Quantity: Counting the Uncounted

Community health workers cannot get PPE if they are not included in national planning and projections. Several countries have excluded or deprioritized community health workers in PPE projections because the “COVID-19 Critical Items” guidance from the World Health Organization (WHO) advises, “Priority for PPE provision is given to health-care workers treating critical and severe COVID-19 patients only.”

This is a disconnect. Community health workers encounter the critically ill as part of their routine service delivery, and all it takes is one such encounter to get infected and potentially spread the infection to others. In fact, recent estimates indicate that 44 percent of secondary transmission could occur in presymptomatic patients.

‘For community health workers to continue to provide lifesaving care face to face, PPE is required’

Without PPE, community health workers must attempt to treat patients from six feet away. For many services (e.g., malaria testing, immunizations, screening for malnutrition) this is impossible. Limiting the care community health workers provide also has the potential to increase the burden on health facilities with cases that could otherwise be managed at home. This additional pressure to already-stressed health systems places patients and other health cadres at further risk. For community health workers to continue to provide lifesaving care face to face, PPE is required. Critically, this is true of all community health workers—formal or informal. Although the WHO COVID-19 Essential Supplies Forecasting Tool used by many ministries of health to quantify PPE includes community health workers, its use of International Standard Classification of Occupations (ISCO) codes excludes the hundreds of thousands of hidden volunteer community health workers who do not meet the ISCO criteria but are nonetheless tasked with delivering health-care services in homes and communities.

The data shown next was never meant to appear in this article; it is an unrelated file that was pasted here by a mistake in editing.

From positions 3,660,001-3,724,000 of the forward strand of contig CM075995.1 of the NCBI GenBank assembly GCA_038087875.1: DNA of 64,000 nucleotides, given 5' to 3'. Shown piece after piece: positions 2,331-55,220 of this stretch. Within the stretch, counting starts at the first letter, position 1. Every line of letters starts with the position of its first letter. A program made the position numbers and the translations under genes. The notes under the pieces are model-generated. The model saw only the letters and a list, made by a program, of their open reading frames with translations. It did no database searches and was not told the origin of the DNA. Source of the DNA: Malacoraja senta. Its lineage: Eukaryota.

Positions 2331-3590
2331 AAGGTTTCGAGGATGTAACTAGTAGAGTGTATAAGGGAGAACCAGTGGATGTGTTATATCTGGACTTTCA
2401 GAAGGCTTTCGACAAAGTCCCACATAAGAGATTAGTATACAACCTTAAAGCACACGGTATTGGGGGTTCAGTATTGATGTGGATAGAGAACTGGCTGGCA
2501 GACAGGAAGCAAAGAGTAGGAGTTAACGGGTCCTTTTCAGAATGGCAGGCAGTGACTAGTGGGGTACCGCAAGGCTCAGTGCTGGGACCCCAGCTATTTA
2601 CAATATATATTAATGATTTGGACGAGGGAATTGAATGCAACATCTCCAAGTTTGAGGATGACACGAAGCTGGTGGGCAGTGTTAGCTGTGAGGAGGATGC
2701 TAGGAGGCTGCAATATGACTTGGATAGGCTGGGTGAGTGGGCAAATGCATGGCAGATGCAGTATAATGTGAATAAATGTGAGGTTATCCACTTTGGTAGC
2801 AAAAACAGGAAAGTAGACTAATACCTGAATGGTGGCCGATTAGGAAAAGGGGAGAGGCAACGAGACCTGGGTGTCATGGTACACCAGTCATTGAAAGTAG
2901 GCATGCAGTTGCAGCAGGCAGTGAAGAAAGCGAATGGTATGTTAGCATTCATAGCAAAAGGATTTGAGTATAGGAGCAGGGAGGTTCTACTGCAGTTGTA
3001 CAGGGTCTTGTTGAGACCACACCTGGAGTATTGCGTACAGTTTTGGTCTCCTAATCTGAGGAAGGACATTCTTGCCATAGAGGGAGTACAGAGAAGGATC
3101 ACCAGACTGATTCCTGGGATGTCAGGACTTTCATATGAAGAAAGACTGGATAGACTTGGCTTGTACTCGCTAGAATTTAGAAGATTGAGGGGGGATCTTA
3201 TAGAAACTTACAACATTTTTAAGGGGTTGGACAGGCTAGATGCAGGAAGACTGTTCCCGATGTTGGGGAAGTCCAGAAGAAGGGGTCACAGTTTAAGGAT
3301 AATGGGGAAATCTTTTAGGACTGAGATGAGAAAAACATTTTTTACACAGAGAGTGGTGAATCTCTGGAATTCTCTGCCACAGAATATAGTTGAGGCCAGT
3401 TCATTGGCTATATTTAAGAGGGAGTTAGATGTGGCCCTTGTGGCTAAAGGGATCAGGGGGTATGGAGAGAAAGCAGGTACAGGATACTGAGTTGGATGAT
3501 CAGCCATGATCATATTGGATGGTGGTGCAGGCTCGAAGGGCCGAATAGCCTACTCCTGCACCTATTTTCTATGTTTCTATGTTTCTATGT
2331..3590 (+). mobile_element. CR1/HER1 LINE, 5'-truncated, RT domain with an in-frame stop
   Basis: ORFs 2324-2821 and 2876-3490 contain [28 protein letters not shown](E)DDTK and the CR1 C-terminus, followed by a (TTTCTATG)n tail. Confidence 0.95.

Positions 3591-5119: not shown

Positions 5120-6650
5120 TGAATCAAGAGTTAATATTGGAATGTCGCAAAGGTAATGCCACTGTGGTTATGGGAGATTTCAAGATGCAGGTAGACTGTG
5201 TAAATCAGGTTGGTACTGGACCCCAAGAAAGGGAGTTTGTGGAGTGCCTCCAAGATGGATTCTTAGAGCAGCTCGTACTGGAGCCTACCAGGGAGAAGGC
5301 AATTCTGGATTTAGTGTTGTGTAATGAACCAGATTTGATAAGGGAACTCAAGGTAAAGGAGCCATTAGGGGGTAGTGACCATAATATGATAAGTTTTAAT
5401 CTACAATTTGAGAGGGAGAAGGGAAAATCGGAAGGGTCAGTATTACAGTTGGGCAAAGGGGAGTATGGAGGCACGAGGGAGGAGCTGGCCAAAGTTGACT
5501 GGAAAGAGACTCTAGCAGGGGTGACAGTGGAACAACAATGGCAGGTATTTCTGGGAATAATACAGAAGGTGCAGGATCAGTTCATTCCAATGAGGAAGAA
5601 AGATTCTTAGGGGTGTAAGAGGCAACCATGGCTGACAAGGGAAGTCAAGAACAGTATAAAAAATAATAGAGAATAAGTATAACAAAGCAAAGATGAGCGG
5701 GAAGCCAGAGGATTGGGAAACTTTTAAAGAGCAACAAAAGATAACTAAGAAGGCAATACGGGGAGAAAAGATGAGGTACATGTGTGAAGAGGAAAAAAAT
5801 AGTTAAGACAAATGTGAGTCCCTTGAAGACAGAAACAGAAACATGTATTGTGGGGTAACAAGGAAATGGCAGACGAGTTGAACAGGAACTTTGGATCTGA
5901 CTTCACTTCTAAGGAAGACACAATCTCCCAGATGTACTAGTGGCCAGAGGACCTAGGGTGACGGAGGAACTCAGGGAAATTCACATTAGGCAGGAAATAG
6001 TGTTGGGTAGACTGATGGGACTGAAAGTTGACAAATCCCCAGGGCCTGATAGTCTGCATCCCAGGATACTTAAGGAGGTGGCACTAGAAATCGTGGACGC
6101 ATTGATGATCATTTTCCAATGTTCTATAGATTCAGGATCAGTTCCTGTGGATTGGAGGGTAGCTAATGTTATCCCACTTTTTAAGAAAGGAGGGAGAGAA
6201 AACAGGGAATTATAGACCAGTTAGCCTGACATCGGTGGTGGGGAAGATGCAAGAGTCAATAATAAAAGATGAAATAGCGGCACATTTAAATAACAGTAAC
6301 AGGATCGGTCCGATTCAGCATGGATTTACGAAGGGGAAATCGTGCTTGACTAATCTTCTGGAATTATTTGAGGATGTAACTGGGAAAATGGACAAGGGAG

The photo shows the worker removing the protective gear.
A health-care worker removes and discards PPE into a trash can after wheeling out the bodies of dead people—outside Wyckoff Heights Medical Center in New York City’s Brooklyn borough on April 2, 2020. REUTERS/Brendan Mcdermid

Ministries and partners should therefore act quickly to adjust their PPE forecasts, effectively counting the uncounted so all community health workers can be equipped. If community health workers' rolls are inaccurate or nonexistent, funders, civil society, and norm-setting institutions should support ministries to make the best estimates possible of community health workers numbers, services, and distribution so that none are left behind.

Quality: Same Standards for All

Not all PPE is the same, and community health workers deserve quality PPE just like any other health worker. Cloth masks, for example, are not equivalent to respirators (N95s) and surgical masks: rigorous studies show that cloth masks do not provide adequate protection for health-care workers, yet around the world community health workers are being asked to use them.

Picture shows two rows of protective masks tacked to a wall.
N95 face masks hang to be sterilized with UVC light, amid the coronavirus disease (COVID-19) outbreak, at the Cleveland Clinic hospital in Abu Dhabi, United Arab Emirates, on April 20, 2020. REUTERS/Christopher Pike